5. International Philosophical Quarterly: Volume > 45 > Issue: 4
Thierry Meynard Religion and Its Modern Fate: The Shaping of the Concept between the West and China
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“Religion” is usually thought of as a Western concept that has penetrated into China in the modern era. This paper, however, argues that the modern concept of religion was in fact shaped through the mutual exchange between the West and China. Three moments of this exchange are examined: (1) the late-Ming and early-Qing periods, when Western missionaries discovered in China a reality that compelled them to invent the term of “civil religion”; (2) the Enlightenment in Europe, which seized and transformed the new concept; finally, (3) the end of Qing dynasty and Republican era in China, when the concept of religion was re-introduced. This historical enquiry may help us to examine critically the boundaries usually fixed between the secular and the religious.
6. International Philosophical Quarterly: Volume > 45 > Issue: 4
R. Michael Olson Real Apprehension in Newman’s An Essay in Aid of a Grammar of Assent
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In An Essay in Aid of a Grammar of Assent, John Henry Newman articulates his fundamental philosophical orientation by giving priority to real apprehension over notional apprehension. He distinguishes between the two by saying that notional apprehension hasto do with things internal to the mind and admits of exactness and clarity whereas real apprehension has to do with things external to the mind and does not admit of the same degree of clarity and exactness. I argue that the connection between “inside the mind” and “clarity and exactness” lies in the constructive activity underlying notional thinking. Real apprehension, on the other hand, involves a given apprehension of unity, mainly, the concrete unity of intelligent life, which includes but cannot be reduced to the constructive activity of notional thinking. Thus, I argue, Newman’s realism undercuts any form of modern transcendentalism and evinces a form of classical human realism.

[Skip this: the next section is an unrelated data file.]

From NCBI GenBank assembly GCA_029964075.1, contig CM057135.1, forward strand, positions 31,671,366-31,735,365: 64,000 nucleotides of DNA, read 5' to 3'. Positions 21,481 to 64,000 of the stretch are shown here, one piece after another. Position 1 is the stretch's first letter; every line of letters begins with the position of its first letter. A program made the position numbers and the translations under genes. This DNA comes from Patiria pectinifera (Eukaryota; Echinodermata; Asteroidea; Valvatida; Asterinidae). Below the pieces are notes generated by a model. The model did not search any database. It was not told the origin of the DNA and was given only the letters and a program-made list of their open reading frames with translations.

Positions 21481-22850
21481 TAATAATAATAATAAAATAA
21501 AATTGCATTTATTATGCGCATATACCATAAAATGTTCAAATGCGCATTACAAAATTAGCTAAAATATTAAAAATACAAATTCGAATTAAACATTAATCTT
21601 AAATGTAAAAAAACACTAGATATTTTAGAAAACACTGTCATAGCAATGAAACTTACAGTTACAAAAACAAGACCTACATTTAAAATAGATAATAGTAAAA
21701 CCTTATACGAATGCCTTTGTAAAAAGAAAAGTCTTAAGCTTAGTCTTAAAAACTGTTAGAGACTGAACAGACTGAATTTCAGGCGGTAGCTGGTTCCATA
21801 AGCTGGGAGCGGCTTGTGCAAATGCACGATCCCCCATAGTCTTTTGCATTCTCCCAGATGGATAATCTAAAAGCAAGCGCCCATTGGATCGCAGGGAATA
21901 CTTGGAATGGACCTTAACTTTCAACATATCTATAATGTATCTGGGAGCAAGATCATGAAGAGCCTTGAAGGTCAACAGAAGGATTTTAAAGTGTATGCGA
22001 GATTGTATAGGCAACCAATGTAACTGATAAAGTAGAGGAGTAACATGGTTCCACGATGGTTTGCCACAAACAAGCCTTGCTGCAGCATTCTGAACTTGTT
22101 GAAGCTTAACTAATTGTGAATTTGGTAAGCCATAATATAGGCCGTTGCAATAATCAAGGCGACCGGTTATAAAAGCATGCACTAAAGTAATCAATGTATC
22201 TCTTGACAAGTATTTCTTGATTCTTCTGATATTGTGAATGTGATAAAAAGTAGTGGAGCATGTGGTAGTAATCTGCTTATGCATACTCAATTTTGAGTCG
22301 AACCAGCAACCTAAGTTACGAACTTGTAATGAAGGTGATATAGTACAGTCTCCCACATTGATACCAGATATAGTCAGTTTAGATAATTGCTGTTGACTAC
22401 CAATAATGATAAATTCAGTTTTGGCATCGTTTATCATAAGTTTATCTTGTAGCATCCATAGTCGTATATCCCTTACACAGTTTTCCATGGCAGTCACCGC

7. International Philosophical Quarterly: Volume > 45 > Issue: 4
John W. M. Krummel Praxis of the Middle: Self and No-Self in Early Buddhism
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This paper considers the controversy surrounding the Buddhist doctrine of “no-self” (anattā, anātman), and especially the question of whether the Buddha himself meant by it unequivocally the ontological denial of the self. The emergence of this doctrine is connected with the Buddha’s attempt to forge a “middle way” that avoids the extreme views of “eternalism” in regards to the soul and “annihilationism” of the soul at bodily death. By looking at the earliest works of the Pāli canon, three of the five Nikāyas (Dīgha, Majjhima, and Sayutta) along with later Abhidharmist developments, my discussion shows that its original intent was not explicitly ontological. The intent was more practical than theoretical, with the aim of bringing about a freedom from attachment to such theories as eternalism and annihilationism. The Buddha’s “middle” position was, hence, a praxis towards freedom rather than a theoria about the existence or non-existence of the self.
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8. International Philosophical Quarterly: Volume > 45 > Issue: 4
John Marenbon Aquinas
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9. International Philosophical Quarterly: Volume > 45 > Issue: 4
James L. Marsh Lonergan and the Philosophy of Historical Existence
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10. International Philosophical Quarterly: Volume > 45 > Issue: 4
Terence Cuneo Thomas Reid: Context, Influence, Significance